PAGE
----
I agree Ziff, I worked 7 days a week for about 11 years, I was living to work and not working to live. I was fortunate in that they wanted to shed staff and offered a good Early Retirement Package, which although not enough to live on (mainly because of the size of my mortgage and Council Tax Payments), I could at least ese back and take a part time job.

No stress, I break even (still can't afford a holiday though I talk about what I'd like to do) and I have weekends free. Know too what you mean about the joys of fishing - didn't care if I caught anything, it was the pure pleasure of sitting doing nothing, not even thinking, just listening to the sounds around me and watching nature.

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vikingo

One consequence of the increased amount of information that attacks us is the increased amount of visible options to the way we lead our lifes. Every added option is something we have to relate to and decide about. On behalf of ourselves and the ones we represent. Every thing that isn't done but felt should have been done adds to stress.

The visible options relate not only directly to ourselves. We also have to feel responsible about (global) evironment, governments of foreign countries, armed conflicts, fatal diseases, endangered species and lot of things more or less out of our control, thus adding primarily frustation.

And why are we taught to compete with each other long before we are being taught to collaborate and depend on each other?

It is strange. We are more visible to one another than ever - and in some sense further away from one another than ever. *sigh*

... I'm so sorry for wasting your time with this. I suppose I just got carried away.

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Aeriel
One consequence of the increased amount of information that attacks us is the increased amount of visible options to the way we lead our lifes. Every added option is something we have to relate to and decide about. On behalf of ourselves and the ones we represent. Every thing that isn't done but felt should have been done adds to stress.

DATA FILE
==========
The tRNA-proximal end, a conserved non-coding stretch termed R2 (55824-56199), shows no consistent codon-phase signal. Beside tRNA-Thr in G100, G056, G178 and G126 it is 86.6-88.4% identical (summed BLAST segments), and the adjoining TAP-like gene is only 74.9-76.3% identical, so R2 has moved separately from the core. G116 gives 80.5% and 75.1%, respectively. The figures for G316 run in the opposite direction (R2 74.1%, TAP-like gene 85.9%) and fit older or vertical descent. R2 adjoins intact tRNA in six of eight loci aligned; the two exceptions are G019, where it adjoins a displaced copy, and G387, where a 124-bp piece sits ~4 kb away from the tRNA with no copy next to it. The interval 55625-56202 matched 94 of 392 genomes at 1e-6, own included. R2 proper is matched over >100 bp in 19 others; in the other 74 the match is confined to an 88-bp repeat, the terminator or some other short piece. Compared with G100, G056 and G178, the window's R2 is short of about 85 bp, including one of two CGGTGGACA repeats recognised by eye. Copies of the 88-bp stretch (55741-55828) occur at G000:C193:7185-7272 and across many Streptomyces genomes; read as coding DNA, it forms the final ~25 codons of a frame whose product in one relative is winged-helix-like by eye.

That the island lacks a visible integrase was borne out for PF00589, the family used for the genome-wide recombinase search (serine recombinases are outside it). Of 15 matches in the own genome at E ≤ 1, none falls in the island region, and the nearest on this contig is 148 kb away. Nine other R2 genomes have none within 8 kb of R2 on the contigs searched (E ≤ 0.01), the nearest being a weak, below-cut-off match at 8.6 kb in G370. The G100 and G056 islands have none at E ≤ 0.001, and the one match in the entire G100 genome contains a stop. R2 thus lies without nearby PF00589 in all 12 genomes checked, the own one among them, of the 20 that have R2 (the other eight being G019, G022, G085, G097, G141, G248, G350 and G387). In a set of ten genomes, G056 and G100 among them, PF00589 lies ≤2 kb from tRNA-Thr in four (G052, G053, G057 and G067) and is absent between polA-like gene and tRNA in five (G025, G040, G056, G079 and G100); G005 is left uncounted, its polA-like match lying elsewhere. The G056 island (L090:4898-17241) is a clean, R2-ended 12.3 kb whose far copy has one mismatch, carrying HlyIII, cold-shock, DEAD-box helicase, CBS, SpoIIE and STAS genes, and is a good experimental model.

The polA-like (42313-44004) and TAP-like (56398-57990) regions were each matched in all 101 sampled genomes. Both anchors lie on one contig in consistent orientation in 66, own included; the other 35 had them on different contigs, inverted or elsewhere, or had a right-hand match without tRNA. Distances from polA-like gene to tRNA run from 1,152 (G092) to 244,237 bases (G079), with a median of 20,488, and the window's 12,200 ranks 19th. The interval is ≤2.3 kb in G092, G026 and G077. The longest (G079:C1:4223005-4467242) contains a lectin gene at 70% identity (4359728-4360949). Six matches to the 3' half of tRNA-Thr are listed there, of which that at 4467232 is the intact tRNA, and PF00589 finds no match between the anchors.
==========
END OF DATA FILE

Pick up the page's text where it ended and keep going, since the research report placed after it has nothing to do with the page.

Too many choices; and added stress wondering if you picked the wrong one (again).

The visible options relate not only directly to ourselves. We also have to feel responsible about (global) evironment, governments of foreign countries, armed conflicts, fatal diseases, endangered species and lot of things more or less out of our control, thus adding primarily frustation.

Yeah, we have to be sensitive to all those issues (most of which we can do absolutely nothing about) to avoid being politically incorrect. It seems like being un-PC is worse than being dishonest, or cruel, or just about anything else I can think of offhand. What we say, and how we say it, has become more important than what we actually do/

It is strange. We are more visible to one another than ever - and in some sense further away from one another than ever. *sigh*

This reminds me of the Japanese concept of the EIghtfold Fence, designed to ensure inner privacy in an overcrowed environment. Technology, the internet, information sharing and increasingly sophisticated communication has taken away way too much privacy; I for one find this disturbing and stressful in itself.

... I'm so sorry for wasting your time with this. I suppose I just got carried away.

Not at all - I thought this was a great post! Lots of food for thought.